Naive T cell
A naïve T cell or Th0 cell is a T cell that has differentiated in bone marrow, and successfully undergone the positive and negative processes of central selection in the thymus. Among these are the naive forms of helper T cells (CD4+) and cytotoxic T cells (CD8+). A naive T cell is considered mature and unlike activated T cells or memory T cells it has not encountered its cognate antigen within the periphery.
Naive T cells are commonly characterized by the surface expression of L-selectin (CD62L); the absence of the activation markers CD25, CD44 or CD69; and the absence of memory CD45RO isoform. They also express functional IL-7 receptors, consisting of subunits IL-7 receptor-α, CD127, and common-γ chain, CD132. In the naive state, T cells are thought to be quiescent and non-dividing, requiring the common-gamma chain cytokines IL-7 and IL-15 for homeostatic survival mechanisms.
Naive T cells can respond to novel pathogens that the immune system has not yet encountered. Recognition by a naive T cell clone of its cognate antigen results in the initiation of an immune response. In turn, this results in the T cell acquiring an activated phenotype seen by the up-regulation of surface markers CD25+, CD44+, CD62Llow, CD69+ and may further differentiate into a memory T cell.
Having adequate numbers of naive T cells is essential for the immune system to continuously respond to unfamiliar pathogens.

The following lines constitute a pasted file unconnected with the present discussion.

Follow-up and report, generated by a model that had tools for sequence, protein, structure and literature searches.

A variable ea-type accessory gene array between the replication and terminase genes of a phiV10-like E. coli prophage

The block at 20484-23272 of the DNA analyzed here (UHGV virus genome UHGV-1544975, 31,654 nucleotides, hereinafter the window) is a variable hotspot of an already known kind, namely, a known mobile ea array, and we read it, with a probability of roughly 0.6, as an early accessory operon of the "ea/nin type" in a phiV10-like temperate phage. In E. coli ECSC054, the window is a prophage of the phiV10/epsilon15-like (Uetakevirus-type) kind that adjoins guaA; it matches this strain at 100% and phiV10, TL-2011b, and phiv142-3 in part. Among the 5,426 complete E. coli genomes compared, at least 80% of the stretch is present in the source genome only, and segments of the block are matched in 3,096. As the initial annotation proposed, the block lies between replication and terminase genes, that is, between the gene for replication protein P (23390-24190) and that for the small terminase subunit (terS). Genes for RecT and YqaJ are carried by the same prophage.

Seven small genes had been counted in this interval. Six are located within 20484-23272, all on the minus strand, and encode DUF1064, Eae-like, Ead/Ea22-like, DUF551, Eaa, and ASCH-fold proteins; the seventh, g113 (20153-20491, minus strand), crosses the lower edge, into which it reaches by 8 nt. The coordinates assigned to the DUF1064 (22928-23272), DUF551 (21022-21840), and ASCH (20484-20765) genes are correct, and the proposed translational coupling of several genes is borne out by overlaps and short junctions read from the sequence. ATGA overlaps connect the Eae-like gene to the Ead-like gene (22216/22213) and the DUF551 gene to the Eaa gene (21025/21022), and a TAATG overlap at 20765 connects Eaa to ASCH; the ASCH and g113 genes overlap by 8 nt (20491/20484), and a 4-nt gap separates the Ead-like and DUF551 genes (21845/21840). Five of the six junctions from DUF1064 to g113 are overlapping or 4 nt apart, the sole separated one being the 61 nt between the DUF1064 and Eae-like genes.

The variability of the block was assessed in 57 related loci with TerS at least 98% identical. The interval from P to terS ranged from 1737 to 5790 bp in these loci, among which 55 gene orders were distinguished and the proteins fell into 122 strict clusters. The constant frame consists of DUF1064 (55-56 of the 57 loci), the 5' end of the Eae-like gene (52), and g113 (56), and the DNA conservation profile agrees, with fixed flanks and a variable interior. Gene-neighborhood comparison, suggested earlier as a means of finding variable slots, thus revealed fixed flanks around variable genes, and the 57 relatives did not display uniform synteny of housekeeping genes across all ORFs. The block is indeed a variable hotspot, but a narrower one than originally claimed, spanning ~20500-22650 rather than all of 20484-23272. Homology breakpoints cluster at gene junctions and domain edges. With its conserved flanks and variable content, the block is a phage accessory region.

Mechanism of activation
When a recognized antigen binds to the T cell antigen receptor (TCR) located in the cell membrane of Th0 cells, these cells are activated through the following "classical" signal transduction cascade:
- the tyrosine kinase Lck is activated, which results in phosphorylation of
- the CD3 coreceptor complex and ζ-chains of the TCR and activation of the ζ-chain- associated protein Zap70
- activated Zap70 in turn phosphorylates the membrane adaptor Lat, which subsequently recruits several Src homology domain–containing proteins, including phospholipase C-γ1 (PLC-γ1)
- activation of PLC-γ1 results in the hydrolysis of phosphatidylinositol 4,5-bisphosphate to inositol 3,4,5-triphosphate and diacylglycerol
- inositol 3,4,5-triphosphate triggers release of Ca2+ from intracellular stores and diacylglycerol activates protein kinase C and RasGRP
- RasGRP in turn activates the mitogen-activated protein kinase cascade which ultimately upregulates gene expression and causes entry into the cell cycle
An alternative "non-classical" pathway involves activated Zap70 directly phosphorylating the p38 MAPK that in turn induces the expression of the vitamin D receptor (VDR). Furthermore, the expression of PLC-γ1 is dependent on VDR activated by calcitriol. Naive T cells have very low expression of VDR and PLC-γ1. However activated TCR signaling through p38 upregulates VDR expression and calcitriol activated VDR in turn upregulates PLC-γ1 expression. Hence the activation of naive T cells is crucially dependent on adequate calcitriol levels.
In summary, activation of T cells first requires activation through the non-classical pathway to increase expression of VDR and PLC-γ1 before activation through the classical pathway can proceed. This provides a delayed response mechanism where the innate immune system is allowed time (~48 hrs) to clear an infection before the inflammatory T cell mediated adaptive immune response kicks in.
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